Alcohol-Related Liver Disease and Hepatitis C
Last updated: September 2021
When you have alcohol-related liver disease and hepatitis C at the same time, there are several possible complications. Most of them are related to your liver health. If you are one of those people who hasn't been able to stop drinking alcohol while you have hep C, this article may help you feel supported.
How alcohol affects the liver
Remember, hep C is a silent killer, and so is alcohol over a long period of time. If you are drinking heavily AND you have hepatitis C, it’s a compounded problem. Drinking causes your liver to work harder while filtering out the alcohol; It’s designed to do that. But remember, hepatitis C is causing inflammation to your liver 24/7. It’s double-trouble when your liver does not get a break.
Before I was diagnosed with hep C, I drank a glass of wine or a wine cooler sometimes with friends, or with a meal. It was a joke among my friends that I was a lightweight. After a few sips of wine, I would pass out. When my liver biopsy showed end stage, I realized how burdened my liver already was. It couldn’t filter, so I was getting hepatic encephalopathy and sleeping for hours after a few sips of wine. I felt so bad for what I had put my liver through. Of course, I have never taken another drink. I never will.
Alcohol use runs in my family
My dad was an alcoholic, so I never drank until my late 40s. Even then, it was a single glass of wine a few times a year. My mom encouraged my siblings and me to try to break the family cycle of addiction. My dad had a hard time, and died very young from a variceal bleed out. I wonder now if he had hepatitis C. After a car wreck in his 30s, he was given multiple blood transfusions (that was a common way to get hep C back then). I’ll never know for sure because he wasn’t tested. His liver failed before he turned 50.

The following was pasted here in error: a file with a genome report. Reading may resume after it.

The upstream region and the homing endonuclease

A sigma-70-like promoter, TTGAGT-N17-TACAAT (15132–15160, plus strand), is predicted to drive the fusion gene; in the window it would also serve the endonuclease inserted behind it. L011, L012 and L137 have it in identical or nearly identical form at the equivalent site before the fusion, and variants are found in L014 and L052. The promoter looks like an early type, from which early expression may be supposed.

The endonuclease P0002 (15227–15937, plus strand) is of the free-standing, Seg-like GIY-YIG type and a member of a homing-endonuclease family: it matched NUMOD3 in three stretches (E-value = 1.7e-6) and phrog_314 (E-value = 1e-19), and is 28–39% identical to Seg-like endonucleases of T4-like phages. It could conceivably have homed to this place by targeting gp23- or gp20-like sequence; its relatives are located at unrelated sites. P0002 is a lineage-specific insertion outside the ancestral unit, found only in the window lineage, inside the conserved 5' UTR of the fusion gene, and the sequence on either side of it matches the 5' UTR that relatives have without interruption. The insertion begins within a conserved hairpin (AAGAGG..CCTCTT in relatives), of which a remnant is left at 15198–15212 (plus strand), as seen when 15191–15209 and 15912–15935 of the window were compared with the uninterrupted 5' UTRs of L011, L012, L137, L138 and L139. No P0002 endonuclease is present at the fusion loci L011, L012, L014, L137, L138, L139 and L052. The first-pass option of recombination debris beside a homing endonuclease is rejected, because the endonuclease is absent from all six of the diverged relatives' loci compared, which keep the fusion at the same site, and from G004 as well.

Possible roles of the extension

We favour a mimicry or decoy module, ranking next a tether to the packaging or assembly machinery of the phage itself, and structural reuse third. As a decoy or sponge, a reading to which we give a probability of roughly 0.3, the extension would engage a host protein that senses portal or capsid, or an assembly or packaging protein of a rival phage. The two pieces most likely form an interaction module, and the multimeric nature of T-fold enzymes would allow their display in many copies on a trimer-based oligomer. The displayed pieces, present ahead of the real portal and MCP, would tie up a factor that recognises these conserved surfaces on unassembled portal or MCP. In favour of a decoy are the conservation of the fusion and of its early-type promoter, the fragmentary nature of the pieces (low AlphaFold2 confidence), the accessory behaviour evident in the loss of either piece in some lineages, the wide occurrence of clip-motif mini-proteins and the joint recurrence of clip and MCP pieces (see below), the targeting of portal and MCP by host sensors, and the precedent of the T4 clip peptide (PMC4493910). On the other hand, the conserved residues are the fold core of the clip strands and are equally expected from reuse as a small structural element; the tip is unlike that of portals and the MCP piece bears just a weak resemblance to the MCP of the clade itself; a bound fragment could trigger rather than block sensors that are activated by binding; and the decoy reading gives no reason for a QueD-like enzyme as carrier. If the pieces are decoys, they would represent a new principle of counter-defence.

When my dad put down the bottle
Dad quit drinking and lived almost 20 years, but he still battled with liver disease. He didn’t go to a 12 Step Program, or get any counseling. He just quit so he could liver to see his grandkids grow up. I always felt like he needed more support, and offered it in any way that I could.
Talking to your doctor
No one but you knows how much you drink. You can hide it from your family, friends, at work, and even from your doctor. Your liver knows the truth, though, especially with alcohol and hep C. It’s important to tell your medical provider that you are dealing with alcohol dependence issues. Let them know you are struggling and would like help to quit. There are good medications now that may help during your recovery from alcohol.
If you are dealing with alcohol-related liver disease and hepatitis C, it’s time to get treated. Getting rid of hep C will help bring relief to your liver. You can also work on reducing your use of alcohol to improve your health and move into a healthy future.